Doing user research in a toy company.

UX research internship in Pai

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OCT-JAN, 2018

(3 months)


Phone call interview,

Contextual inquiry,

Usability testing


Ruixiao Zhang(User research director),

Ying Cheng(Senior user researcher),

Yifei Liu(Senior user researcher),

Jian Cui(User researcher),

Xiaomei Tang(User researcher)


Let's teach kids coding.

Pai technology is a toy company that use latest technology help kids grow, develop, and play.

Last year, I joined Pai as an UX research intern. During the 3 months internship, I mainly worked for the iteration of the iPad app of Botzees.

Botzees is a set of programmable smart blocks. Children can build these blocks into different animals, as well as controling and programming it using an app.


Usability testing

Let usability testing drive the direction of product iteration.

The iteration of botzees was very intensive in a weekly basis : we do user testing in the weekends and have the new prototype out before the next weekend.

Usability testing was directly driving the iteration of product design because every element we adult take for granted - button, slider, setting icon, back icon… may not make sense through a child’s fresh eyes. Thus, everything need to be tested.

Here is an example of how we iterated the coding guidance part(on the right side of the screen)

iteration of guidance
Contextual inquiry

Always involve the PMs and designers in.

We do contextual inquiries at the beginning stage of product development. We visit voluntary families who have children in the age range of our target customers, observe what toy the child has, and find out the family’s daily routine.

The most effective contextual inquiries are always those PMs and designers involved in.

I consider the user research report’s function as creating a shared ground, instead of inform decision-makers about the ‘findings’.
When making research reports, we distill our findings into words and diagrams, which indeed is impressive, but also bring meaning out of the context.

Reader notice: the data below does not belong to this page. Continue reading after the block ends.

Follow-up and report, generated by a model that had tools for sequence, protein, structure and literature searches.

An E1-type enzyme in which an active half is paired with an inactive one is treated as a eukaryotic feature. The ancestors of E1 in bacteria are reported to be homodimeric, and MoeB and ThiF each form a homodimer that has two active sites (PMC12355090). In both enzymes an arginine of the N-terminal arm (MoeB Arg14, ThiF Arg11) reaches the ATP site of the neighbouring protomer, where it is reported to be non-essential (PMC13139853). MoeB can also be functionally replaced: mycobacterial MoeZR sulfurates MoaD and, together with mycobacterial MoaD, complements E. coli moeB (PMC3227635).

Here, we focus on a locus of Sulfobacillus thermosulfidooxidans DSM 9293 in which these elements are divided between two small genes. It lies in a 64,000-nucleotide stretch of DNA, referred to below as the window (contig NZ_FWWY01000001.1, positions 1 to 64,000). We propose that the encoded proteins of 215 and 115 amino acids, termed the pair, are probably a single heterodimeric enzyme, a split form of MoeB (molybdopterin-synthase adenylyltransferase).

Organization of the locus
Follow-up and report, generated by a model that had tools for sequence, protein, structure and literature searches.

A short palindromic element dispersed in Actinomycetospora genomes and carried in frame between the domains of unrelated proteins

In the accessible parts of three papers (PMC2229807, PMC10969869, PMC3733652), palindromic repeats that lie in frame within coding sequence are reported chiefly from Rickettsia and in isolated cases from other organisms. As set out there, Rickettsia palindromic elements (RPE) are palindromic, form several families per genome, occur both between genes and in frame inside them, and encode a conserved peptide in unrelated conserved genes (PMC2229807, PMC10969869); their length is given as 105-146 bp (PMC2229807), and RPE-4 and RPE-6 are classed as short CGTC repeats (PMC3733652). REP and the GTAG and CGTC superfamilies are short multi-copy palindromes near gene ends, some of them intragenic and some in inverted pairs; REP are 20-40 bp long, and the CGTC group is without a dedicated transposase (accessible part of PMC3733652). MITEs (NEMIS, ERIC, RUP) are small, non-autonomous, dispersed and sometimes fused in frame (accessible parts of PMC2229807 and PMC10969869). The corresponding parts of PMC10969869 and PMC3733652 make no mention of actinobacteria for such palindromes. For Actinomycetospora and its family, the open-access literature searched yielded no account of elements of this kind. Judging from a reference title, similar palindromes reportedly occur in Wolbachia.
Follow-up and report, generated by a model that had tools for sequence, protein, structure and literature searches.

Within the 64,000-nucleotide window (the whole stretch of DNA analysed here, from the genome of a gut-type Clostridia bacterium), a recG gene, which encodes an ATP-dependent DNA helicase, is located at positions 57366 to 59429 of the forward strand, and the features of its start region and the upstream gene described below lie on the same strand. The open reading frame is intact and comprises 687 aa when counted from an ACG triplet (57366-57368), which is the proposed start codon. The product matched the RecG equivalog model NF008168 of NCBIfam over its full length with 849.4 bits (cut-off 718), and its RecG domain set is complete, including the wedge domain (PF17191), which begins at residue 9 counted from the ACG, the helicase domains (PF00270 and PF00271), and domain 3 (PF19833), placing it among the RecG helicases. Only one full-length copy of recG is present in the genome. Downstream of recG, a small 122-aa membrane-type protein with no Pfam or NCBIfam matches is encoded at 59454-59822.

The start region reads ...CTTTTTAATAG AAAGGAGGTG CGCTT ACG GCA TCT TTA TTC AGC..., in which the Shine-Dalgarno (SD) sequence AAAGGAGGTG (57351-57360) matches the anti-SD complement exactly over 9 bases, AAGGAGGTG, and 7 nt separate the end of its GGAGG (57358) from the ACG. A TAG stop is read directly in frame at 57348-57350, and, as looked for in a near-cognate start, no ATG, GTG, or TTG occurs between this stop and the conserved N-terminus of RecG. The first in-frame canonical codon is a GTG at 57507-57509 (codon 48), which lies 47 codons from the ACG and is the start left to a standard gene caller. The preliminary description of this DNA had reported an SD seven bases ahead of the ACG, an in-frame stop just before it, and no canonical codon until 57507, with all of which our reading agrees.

decision makers
Cold call interview

Sound like you’re curious, thoughtful and most importantly, relax.

My very first job was doing cold calls to gather feedback from customers. After sitting in a small booth for two weeks, I was able to discern there are three types of customers:

  1. customers who are eager to dump tons of high-quality feedback.
  2. customers who don’t want to be bothered at that moment.
  3. customers who have time to do the feedback, but not as initiative as the first type of customers.

The first two types of situations are easy to deal with, but the third type an be very tricky. It’s also the most interesting one because what feedback they would give really depends on your skill of interview. After observed my mentor doing cold calls, I found some tricks:

  • Mention the reimbursement(20RMB for 10 minutes) at very first, and confirm it at the end.
  • Don’t sound like an emotionless machine(like most customer service person would do). Sound like you’re curious, thoughtful and most importantly, relax.

For further secrets of cold calls, check this movie: sorry to bother you


Designing for parents participation

The most frequent feedback we hear is: ‘my boy’s interest in your toy only last for one week.’ and what often comes together with this feedback is expectation like this: ‘Once I buy that toys for my boy, he will stop bothering me and play by himself.’


Parents' participation is way more important than the toy itself. So when designing for children, always remember to leave some space that children must seek help from others.

parents engage

Tiktok, Tiktok and Tiktok

In some of our contextual inquiries, we’ve observed kids playing Tiktok and parents commented that Tiktok is better than toys. The kid will fully focus on the screen without making any noise or requirement, so parents can have some quiet time do their own thing.

It’s not a completely bad thing…though. Kid watching Tiktok is obviously more willing to express because human learn through imitating and Tiktok have tons of things to imitate from. But the bad part is,

  1. they’re harder to focus on weaker stimulations like study and reading.
  2. It strips parents' participation away from children.

We may blame Tiktok to be so addictive, but it also gives many ordinary people a tool to create and a chance to be seen. When people in the future look back, they can not only see the 1% rich and powerful people but also the rest 99% ordinary life.

We may blame parents for being so irresponsible, but since when raising a kid becomes a life-exchange game where parents have to trade their free time with their kid's better future?

My feeling about technology has never been so complicated. There are so many facts colliding with each other that I can't even find a point to stand with.

Thanks for scrolling! next project ->